I stand very much in contrast to my friend Justin. Justin is, for want of a better word, a conspiracy theorist. An expert in flat earth-ology and a self-certified authority on alternative Rothschild family history. The problem is that over several of the key events of the last decade, Justin’s erratic ramblings have proved correct far more often than my own considered viewpoints.
In 2011, Justin told me to buy bitcoin, saying it would be worth tens of thousands before the end of the decade. Justin now has a yacht from which he mocks my lack of faith in him. In 2015, Justin also proclaimed that Donald Trump would win the US presidency. Brexit? Indeed, Justin was sure we’d leave, and when we did, there’d be no recession, rather, the stock market would soar and unemployment fall.
The problem I have now is that Justin is telling me to sell my home, because a housing market crash is imminent. The experts tell me that we have a shortage of housing and a resilient economy. Now I’m not saying that Justin is correct, after all a stopped clock is right twice a day (or three times a decade in Justin’s case). However, as professionals in the real estate sector, it is worth pondering what would bring the next crash on.
The usual recipe for a house market crash has been homes purchased with cheap debt, gleefully acquired in the expectation that its value will increase precisely because people are acquiring homes with cheap debt because the value will go up because other people are getting cheap debt to… Well, you get the self-fulfilling logic. And this cycle does sustain itself as long as everyone is dancing to the same music. The music is augmented by bullish lyrics on market fundamentals, such as an insatiable demand for housing borne by population growth and historically compounded lack of supply.
Then something happens to skip the needle. Affordability reaches a limit and people stop believing that they can sell their home on to someone else for more.
In the past, it has been falling wages, rising rates and spikes in unemployment that has reduced affordability. Between 1989 and 1993, house prices dropped 20%, largely due to ice being poured on an over-heated market through interest rates reaching almost 15% in 1989 and a sharp rise in unemployment. About 250,000 homes were repossessed between 1989 and 1993, wrecking countless lives. The pounds extrication from the European Exchange Rate Mechanism and a lowering of rates to 6% helped to re-establish affordability and a recovery in the housing market.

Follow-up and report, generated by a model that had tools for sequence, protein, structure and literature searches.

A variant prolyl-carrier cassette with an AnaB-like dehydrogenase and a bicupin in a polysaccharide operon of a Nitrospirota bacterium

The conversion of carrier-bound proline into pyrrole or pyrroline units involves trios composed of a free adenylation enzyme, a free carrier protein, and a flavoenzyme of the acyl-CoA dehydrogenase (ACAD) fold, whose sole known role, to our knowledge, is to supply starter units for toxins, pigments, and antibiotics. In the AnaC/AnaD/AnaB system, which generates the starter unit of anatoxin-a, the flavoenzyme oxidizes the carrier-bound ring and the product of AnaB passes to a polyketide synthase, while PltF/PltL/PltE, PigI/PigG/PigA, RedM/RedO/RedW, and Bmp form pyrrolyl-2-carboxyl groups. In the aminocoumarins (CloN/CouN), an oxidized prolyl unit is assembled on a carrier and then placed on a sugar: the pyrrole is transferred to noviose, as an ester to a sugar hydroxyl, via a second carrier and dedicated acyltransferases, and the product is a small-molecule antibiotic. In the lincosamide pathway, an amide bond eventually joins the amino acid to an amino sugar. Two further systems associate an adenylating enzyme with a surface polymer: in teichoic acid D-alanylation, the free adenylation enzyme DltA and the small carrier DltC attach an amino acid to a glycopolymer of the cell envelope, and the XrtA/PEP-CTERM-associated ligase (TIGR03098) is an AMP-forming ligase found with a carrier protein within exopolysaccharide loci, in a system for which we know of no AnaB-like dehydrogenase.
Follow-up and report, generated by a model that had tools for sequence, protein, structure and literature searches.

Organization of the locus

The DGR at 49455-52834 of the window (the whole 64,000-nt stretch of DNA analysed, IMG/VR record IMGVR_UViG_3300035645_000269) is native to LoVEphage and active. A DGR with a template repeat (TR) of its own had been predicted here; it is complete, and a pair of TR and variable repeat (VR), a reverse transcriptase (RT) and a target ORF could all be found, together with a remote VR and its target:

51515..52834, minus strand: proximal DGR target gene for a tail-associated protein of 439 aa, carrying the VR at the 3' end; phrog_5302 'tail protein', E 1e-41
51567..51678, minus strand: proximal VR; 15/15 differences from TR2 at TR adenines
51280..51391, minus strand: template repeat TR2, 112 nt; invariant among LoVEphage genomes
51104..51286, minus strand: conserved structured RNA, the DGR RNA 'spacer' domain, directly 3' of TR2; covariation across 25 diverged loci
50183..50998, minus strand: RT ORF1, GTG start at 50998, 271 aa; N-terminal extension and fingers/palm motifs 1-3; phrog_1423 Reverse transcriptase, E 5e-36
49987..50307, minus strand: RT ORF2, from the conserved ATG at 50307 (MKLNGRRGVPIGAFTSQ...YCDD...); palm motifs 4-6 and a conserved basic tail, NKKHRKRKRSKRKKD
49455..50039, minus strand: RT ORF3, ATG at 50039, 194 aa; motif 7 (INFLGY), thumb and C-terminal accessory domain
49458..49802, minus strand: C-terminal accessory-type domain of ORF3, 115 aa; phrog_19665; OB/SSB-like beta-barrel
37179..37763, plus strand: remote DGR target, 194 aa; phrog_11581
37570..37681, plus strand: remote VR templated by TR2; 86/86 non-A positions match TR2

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The crash in 2008 was much less severe due to the BoE’s rapid decision to lower rates to 0.5% in 2009. Affordability increased again and cheaper-than-ever debt allowed the bullish beat to carry on once more. However, the affordability limit is again being stretched as low rates have led to asset price inflation. The average home is eight times median annual earnings, very near the 2007 peak. With rates already at historic lows, affordability can only be increased by surging growth in wages or a fall in house prices, which would lead to panic selling and further falls. On balance, ask yourself which seems more likely?
One aspect of the housing market which curbs mass sell-offs of this manner is that people need somewhere to live and so are inclined to hold on to their homes even if they are in negative equity. It has been this which has protected the market from larger crashes in the past, especially in the South East, where the strong jobs market attracted demand for housing and helped people meet mortgage repayments.
However, as Mark Twain once said: “History doesn’t repeat itself, but it does rhyme." So, we should be mindful of the past, yet not adhere to it so much that it blinds us as to what is different now.
And what is different now? Well for starters, the buy-to-let market. Buy-to-let mortgage lending increased by 40% between 2008 and 2015, compared with an increase of 2% in owner-occupier mortgages. Due to the BoE tightening lending criteria for buy-to-let, and government reform to stamp-duty surcharges and tax deductions, being a professional landlord is far less lucrative now than before the last crash. Unlike residential homeowners, as soon as the numbers don’t stack up, landlords will have little hesitation in off-loading housing stock.
Second, the era of low rates is coming to a close. With higher rates comes higher mortgage bills and also higher investment yields elsewhere. Hitherto, buying a two-bed flat for £600,000 made sense as long as you could get a 3% rental yield and decent capital growth. This makes less sense if capital growth is stagnant, rent is taxed more heavily and you can get 3% from a savings account.
Of course, these are just the known unknowns, which could bring about the next crash. Who knows what other black swans are stirring the waters of the market. Justin thinks an upcoming burst of solar flares will be the catalyst, and I don’t have the heart to disagree with him.
The Oxford historian RG Collingwood once said that because historians have read a lot about the past, they see “tigers in the grass” that the unwary traveller may not see. Though a significant crash may not materialise for some time, as professionals in the real estate sector, it is better to err on the side of caution and see the tiger that isn’t there, than miss the one that is.